Study: Cook among worst legal climates
Friday, September 11, 2015
Chicago Daily Law Bulletin
by Lauraann Wood
A national survey by a pro-business group ranks Illinois’ civil lawsuit climate among the nation’s worst. But the study quickly drew criticism from some officials who experience the court daily.
The survey, released Thursday by the U.S. Chamber of Commerce’s Institute for Legal Reform, listed Illinois ahead of only Louisiana and West Virginia in its ranking of the country’s best and worst tort-liability systems.
The survey results were heralded in a news conference at the Thompson Center with Gov. Bruce Rauner and ILR President Lisa A. Rickard, Illinois Chamber of Commerce President Todd Maisch and Illinois Civil Justice League President John Pastuovic.
The study’s 1,203 corporate-counsel respondents — whose companies each report at least $100 million in annual revenue — graded their respective trial court systems on factors such as damage awards, scientific and technical evidence allowance, judge competence and both judge and jury impartiality.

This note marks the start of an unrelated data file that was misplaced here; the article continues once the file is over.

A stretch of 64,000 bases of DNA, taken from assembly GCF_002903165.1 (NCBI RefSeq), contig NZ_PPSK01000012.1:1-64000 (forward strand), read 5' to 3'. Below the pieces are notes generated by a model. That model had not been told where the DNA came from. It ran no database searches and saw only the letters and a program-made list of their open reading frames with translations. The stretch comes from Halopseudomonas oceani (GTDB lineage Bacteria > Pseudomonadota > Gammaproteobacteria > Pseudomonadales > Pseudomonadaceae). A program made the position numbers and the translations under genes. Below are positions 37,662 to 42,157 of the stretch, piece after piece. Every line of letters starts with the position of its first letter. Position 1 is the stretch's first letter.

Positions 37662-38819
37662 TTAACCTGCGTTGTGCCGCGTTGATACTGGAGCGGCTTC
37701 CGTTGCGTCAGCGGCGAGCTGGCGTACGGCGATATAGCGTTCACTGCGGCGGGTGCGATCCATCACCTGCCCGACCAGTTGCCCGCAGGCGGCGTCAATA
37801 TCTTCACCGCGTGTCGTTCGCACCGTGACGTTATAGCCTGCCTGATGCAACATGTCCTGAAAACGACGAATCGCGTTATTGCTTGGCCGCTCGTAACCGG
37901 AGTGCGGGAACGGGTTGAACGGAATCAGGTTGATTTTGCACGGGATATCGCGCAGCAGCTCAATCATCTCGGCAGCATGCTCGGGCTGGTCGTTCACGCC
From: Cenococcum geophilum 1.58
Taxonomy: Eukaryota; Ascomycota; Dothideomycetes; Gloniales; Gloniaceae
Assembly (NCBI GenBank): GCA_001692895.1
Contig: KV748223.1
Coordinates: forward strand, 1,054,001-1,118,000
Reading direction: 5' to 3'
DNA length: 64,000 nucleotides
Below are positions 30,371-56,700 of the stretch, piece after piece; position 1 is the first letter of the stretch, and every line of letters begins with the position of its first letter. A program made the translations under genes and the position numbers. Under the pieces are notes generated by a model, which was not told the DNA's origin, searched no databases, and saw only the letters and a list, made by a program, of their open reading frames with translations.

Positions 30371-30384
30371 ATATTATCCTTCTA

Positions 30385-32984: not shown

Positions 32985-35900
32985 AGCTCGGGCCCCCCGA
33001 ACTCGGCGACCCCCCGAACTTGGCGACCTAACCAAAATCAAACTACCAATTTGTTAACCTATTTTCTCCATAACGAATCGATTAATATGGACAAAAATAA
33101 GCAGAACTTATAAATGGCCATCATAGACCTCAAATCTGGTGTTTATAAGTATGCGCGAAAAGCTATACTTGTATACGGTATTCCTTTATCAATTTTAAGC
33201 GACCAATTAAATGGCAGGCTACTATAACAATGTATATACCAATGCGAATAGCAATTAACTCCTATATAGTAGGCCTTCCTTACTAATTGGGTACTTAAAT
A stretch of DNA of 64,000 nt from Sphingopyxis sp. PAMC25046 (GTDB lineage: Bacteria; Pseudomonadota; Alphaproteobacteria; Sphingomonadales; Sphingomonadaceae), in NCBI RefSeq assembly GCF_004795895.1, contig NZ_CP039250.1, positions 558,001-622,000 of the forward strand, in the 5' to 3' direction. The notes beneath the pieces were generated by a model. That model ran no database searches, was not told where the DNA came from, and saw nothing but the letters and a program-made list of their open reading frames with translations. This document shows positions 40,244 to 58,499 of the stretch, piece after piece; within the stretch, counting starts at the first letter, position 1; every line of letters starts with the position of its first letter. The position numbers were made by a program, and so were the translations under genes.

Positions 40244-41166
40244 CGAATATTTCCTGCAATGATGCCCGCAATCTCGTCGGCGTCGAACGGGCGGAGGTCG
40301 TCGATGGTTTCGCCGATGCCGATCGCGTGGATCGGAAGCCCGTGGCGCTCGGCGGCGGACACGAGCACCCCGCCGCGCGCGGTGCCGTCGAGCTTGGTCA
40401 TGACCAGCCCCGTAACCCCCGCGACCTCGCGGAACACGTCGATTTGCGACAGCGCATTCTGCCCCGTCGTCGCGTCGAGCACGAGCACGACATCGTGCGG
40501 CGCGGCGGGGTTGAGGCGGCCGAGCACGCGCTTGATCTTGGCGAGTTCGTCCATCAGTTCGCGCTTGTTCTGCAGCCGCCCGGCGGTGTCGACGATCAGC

Illinois’ rank this year marks its lowest since ILR began conducting the survey, dropping two spots since the last survey in 2012 and 14 since the ILR’s first examination in 2002.
About 20 percent of respondents deemed Cook County’s lawsuit climate as the worst in the country, second only to courts in eastern Texas that received 26 percent of respondents’ votes. Downstate Madison County — which came in fourth place — received about 16 percent of votes.
Responding counsels primarily cited biased judges or partial juries as their reason behind naming a least-fair jurisdiction. Others cited poor jury and judge quality, excessive damage awards and an overall slow judicial process.
And according to about 75 percent of survey responses, a state’s lawsuit climate can likely impact significant business decisions such as where to set-up, move or expand.
At the event, Michael Ducker, the president and CEO of FedEx Freight who also chairs the chamber’s board of directors, said he was not surprised to see such a number.